In one embodiment of the invention illustrated in
Flexures 115 are connected to the device layer 105 and ultimately to a rigid base substrate 130 (connection not shown) (otherwise referred to as a “support substrate”) to enable mechanical movement of the micromirror relative to the base substrate 130. These compliant flexures are typically designed to achieve particular mechanical characteristics, such as mechanical stiffness and resonant frequencies, commonly dictated by the application and other elements of the complete micromirror assembly. For the embodiment of a micromirror device illustrated in
A stress compensator, preferably a stress compensator layer 120, is formed on a side opposite to the reflector layer 110 and is formed partially seated in the device layer 105 to reduce the height of that portion of stress compensator layer 120 extending from the surface of the device layer 105. The material of the stress compensator layer 120 is preferably substantially similar to the material of reflector layer 110 so that a stress induced in the device layer 105 (which would also introduce a bending moment in such layer 105) as a result of intrinsic and/or thermal mismatch stresses between the reflector layer 110 and device layer 105 is opposed by approximately equal intrinsic and/or thermal mismatch stresses between the stress compensator layer 120 and device layer 105. More particularly, the reflector layer 110 and stress compensator layer 120 preferably have equal linear thermal expansion coefficients to accomplish the function of balanced thermal mismatch stresses. Similarly, the intrinsic stress associated with the stress compensator layer 120 should be substantially similar to that of the reflector layer.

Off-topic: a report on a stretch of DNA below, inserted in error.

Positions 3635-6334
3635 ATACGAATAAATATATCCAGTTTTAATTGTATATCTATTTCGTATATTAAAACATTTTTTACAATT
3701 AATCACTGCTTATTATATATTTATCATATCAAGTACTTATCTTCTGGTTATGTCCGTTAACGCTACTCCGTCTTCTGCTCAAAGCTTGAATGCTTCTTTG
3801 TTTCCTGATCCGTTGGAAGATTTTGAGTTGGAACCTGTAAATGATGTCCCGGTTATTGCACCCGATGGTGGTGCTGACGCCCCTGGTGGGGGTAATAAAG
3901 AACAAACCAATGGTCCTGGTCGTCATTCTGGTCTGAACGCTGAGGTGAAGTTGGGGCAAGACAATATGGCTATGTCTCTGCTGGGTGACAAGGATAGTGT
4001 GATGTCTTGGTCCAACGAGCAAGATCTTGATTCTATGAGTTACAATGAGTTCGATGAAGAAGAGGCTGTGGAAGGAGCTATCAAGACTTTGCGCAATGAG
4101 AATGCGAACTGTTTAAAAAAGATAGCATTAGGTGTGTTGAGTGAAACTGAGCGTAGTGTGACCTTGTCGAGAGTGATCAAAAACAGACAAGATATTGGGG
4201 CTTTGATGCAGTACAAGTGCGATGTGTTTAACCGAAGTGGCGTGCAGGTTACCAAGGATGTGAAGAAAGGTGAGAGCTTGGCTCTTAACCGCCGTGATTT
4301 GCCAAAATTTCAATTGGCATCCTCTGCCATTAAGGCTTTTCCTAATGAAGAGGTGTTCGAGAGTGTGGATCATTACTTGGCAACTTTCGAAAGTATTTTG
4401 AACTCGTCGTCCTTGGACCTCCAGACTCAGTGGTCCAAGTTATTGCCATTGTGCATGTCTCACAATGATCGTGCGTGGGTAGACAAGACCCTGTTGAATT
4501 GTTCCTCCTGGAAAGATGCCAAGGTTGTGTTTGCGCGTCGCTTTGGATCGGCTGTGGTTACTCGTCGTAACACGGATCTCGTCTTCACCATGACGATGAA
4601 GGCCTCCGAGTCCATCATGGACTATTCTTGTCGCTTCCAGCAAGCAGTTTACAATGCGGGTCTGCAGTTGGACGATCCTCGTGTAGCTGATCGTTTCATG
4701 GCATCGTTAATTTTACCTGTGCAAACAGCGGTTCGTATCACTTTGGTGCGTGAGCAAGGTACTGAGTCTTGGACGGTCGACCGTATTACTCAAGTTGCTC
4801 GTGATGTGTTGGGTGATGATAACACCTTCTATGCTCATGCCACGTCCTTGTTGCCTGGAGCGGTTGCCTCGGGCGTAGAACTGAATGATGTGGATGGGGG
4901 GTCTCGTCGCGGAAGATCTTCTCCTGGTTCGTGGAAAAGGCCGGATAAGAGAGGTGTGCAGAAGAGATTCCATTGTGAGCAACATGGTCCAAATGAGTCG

Preferably, the stress compensator and reflector layers 120, 110 would have identical lateral dimensions, permitting identical 3D layer structures to be used for stress balancing. Differences between the lateral dimensions of the two may be required by the specific micromirror device design or process used, and in these cases slight differences in compensator thickness or fabrication process parameters may be used to accomplish a substantially similar intrinsic stress as that generated by the reflector layer. Similarly, for the thermal expansion stresses, the stress compensator layer 120 may accomplish the same function if composed of approximately the same volume fraction of the component materials as the reflector layer but may require different thicknesses to achieve the same thermal expansion stress as a function of temperature. For example, although illustrated in
Also, although labeled as a “layer”, if the reflector layer 110 is a thin film reflector, the stress compensator layer 120 would preferably be formed from multiple layers of dielectric materials similar to the reflector layer 110 to accomplish a comparable structure, material distribution and total thickness as exists with the reflector layer 110.